Are you acting out of love or duty? I think there is a difference.

I know this is directed at Keck but thought I would add how I see it. Doesn't God want our obedience? We are told to obey God at all cost to us just as the apostles and so many since them have given thier lives in obedience to God. Do you see them as being obligated also? Walking in God's torah is not an obligation just as being married is an obligation. (ok no marriage jokes :) ) When we make up our mind to follow after Christ, to give our lives over to God what is our next step but to strive to obey Him in all things and those things are torah, His instruction on how to carry on a moral life done from the heart, in love for Him and for our fellow men. I will speak for myself here and say I do nothing out of some kind of duty but because I love God and see what He has blessed me with in this life. If someone can love me so much as to give His Son over for the debt of my sins how much could I even begin to love Him but to want to obey in His love and light.

BroRog
Apr 23rd 2009, 12:45 AM
Psalm 19:7 (http://www.biblegateway.com/passage/?book_id=23&chapter=19&verse=7&version=9&context=verse)
The law of the LORD is perfect, converting the soul: the testimony of the LORD is sure, making wise the simple.

Proverbs 28:7 (http://www.biblegateway.com/passage/?book_id=24&chapter=28&verse=7&version=9&context=verse)
Whoso keepeth the law is a wise son: but he that is a companion of riotous men shameth his father.

Isaiah 42:24 (http://www.biblegateway.com/passage/?book_id=29&chapter=42&verse=24&version=9&context=verse)
Who gave Jacob for a spoil, and Israel to the robbers? did not the LORD, he against whom we have sinned? for they would not walk in his ways, neither were they obedient unto his law.

The only question is, are the above scriptures profitable for doctrine or instruction (Torah) in righteousness?

Perplexing question - Is it really YHWH that should change to fit our modern needs or desires?

I think we all agree that the scriptures are profitable for doctrine and instruction. But that isn't the only question, I don't think. Wouldn't God want me to pay attention to the historical/social/religious context into which he spoke? Shouldn't we ask, "to whom was he speaking and why did he say it?"

manichunter
Apr 23rd 2009, 01:02 AM
I think we all agree that the scriptures are profitable for doctrine and instruction. But that isn't the only question, I don't think. Wouldn't God want me to pay attention to the historical/social/religious context into which he spoke? Shouldn't we ask, "to whom was he speaking and why did he say it?"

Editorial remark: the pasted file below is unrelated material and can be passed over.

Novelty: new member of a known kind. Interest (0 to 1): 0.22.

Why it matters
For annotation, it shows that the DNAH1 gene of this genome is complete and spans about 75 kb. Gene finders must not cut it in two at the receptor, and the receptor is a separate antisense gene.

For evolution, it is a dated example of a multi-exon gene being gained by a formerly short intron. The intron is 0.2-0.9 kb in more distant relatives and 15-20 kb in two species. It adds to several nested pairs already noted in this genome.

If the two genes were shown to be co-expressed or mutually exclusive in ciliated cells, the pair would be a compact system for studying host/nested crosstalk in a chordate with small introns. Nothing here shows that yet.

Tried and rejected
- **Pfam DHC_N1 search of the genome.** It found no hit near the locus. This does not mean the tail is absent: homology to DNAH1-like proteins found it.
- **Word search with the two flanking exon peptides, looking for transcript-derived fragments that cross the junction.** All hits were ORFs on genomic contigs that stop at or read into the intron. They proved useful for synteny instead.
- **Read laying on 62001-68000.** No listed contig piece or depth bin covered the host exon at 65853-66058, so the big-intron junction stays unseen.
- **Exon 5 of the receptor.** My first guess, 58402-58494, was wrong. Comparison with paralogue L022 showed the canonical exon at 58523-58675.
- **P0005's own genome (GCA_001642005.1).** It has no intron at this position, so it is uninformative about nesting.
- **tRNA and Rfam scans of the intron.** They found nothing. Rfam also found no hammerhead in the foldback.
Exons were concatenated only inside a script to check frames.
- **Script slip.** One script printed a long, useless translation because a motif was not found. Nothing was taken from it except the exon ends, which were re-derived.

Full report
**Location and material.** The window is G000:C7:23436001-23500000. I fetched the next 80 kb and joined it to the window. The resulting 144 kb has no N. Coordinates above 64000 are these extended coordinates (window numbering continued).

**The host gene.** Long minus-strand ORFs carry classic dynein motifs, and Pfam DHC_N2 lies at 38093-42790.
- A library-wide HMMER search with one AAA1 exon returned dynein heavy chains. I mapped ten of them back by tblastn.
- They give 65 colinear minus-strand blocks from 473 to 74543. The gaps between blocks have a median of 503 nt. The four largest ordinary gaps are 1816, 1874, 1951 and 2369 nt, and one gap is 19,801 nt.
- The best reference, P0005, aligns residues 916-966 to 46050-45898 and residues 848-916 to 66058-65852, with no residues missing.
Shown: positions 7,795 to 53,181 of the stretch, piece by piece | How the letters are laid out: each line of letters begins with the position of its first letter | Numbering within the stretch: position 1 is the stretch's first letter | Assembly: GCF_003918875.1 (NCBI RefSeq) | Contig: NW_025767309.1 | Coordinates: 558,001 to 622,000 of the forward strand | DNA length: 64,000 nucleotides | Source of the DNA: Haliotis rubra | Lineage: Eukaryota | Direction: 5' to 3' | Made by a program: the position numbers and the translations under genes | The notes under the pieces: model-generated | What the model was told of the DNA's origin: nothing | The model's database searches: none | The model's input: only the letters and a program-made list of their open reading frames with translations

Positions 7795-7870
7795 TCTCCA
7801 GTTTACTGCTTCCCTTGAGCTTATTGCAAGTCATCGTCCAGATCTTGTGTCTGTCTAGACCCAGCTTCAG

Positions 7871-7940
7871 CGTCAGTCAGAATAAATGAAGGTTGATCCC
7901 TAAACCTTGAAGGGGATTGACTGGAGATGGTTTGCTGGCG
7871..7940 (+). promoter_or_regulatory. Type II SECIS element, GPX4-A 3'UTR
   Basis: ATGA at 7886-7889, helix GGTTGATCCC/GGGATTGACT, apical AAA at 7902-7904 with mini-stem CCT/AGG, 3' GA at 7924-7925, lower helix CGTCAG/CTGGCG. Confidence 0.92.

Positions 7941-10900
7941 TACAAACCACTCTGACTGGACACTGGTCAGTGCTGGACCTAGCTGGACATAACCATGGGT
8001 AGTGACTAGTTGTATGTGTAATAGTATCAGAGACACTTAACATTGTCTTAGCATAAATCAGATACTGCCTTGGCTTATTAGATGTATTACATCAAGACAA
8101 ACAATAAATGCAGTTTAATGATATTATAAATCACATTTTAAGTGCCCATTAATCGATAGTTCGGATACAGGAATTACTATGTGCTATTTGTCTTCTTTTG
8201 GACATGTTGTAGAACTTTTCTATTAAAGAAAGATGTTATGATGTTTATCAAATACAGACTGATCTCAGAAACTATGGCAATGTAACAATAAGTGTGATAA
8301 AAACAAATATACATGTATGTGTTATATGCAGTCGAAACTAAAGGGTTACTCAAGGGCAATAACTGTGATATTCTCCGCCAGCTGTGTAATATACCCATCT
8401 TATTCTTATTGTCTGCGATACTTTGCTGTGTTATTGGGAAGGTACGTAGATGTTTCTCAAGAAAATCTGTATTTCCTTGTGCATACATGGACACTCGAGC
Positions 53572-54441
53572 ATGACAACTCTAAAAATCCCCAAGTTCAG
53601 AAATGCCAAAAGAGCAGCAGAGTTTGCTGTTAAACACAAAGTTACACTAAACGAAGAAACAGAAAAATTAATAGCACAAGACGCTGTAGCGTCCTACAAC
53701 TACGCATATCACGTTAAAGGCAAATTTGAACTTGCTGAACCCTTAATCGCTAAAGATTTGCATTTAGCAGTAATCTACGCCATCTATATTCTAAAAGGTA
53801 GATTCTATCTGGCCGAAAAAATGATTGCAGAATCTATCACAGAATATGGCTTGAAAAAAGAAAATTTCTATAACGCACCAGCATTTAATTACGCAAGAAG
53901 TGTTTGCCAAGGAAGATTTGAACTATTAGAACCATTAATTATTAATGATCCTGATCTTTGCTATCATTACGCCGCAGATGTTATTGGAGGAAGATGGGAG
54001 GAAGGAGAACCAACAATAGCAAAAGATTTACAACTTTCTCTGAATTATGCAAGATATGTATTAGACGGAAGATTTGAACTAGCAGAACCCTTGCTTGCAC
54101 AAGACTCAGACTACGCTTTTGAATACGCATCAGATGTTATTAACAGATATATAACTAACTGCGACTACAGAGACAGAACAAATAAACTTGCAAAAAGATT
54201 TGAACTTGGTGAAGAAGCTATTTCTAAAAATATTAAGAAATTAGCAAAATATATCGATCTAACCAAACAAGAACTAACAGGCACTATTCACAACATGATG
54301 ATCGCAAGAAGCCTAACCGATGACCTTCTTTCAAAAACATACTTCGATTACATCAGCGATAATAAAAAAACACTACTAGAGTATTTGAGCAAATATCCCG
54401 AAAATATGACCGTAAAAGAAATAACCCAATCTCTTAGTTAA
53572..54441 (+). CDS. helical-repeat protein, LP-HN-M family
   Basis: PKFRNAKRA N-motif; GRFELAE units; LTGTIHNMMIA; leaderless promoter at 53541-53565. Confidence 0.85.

This is indeed true. Context and audience are essential.


Who was the audience that God has always tried to reach. When most read the OT, they think just the natural descendents of Abraham that were taught Torah. However, most forget that the mix multitude, Midianites, and others called strangers who enter your gates were taught the Torah and charged with obeying it regardless of their natural birth.

Moreover, the nation of Israel was charged with bringing the Torah to the rest of the world's nations, which is a mission they failed.

BroRog
Apr 23rd 2009, 01:27 AM
I know this is directed at Keck but thought I would add how I see it. Doesn't God want our obedience? We are told to obey God at all cost to us just as the apostles and so many since them have given thier lives in obedience to God. Do you see them as being obligated also? Walking in God's torah is not an obligation just as being married is an obligation. (ok no marriage jokes :) ) When we make up our mind to follow after Christ, to give our lives over to God what is our next step but to strive to obey Him in all things and those things are torah, His instruction on how to carry on a moral life done from the heart, in love for Him and for our fellow men. I will speak for myself here and say I do nothing out of some kind of duty but because I love God and see what He has blessed me with in this life. If someone can love me so much as to give His Son over for the debt of my sins how much could I even begin to love Him but to want to obey in His love and light.

Okay, what I am advocating is that we maintain the distinction between what we do out of love and what we do out of duty, since we both agree that the two are different.

Let's consider the commandment prohibiting the mixing of two kinds of cloth. And let's suppose I decided that, out of my love for God, I am going to avoid mixing two kinds of cloth together. In fact, to avoid displeasing God, I'm going to wear only cotton, just so I don't accidentally wear cotton shirts with wool pockets.

So here I am, sitting here in the 21st century at my computer, and out of love for God I am wearing nothing but cotton. God is happy and I am happy and life is a happy place for me.

Now suppose I go back in time to meet a Jewish man walking down the street. I say to him, "man, I noticed that your attire is simple and without any mixture of fabrics. I too am wearing only cotton and out of my love for God, I never wear any other material."

He will say to me, "Sir, I am glad for you that you love God and want to please him. But as for me, I am compelled by law to avoid mixing cloth whether I love God or not. I am bound to this course of action because my religion and my society demand it. So as a Jew, living under the law, the only way I can show my love for God is to go beyond what is expected of me. If I am to avoid mixing cloth, that is what is expected of me, and when I obey, I am only doing what any servant should do."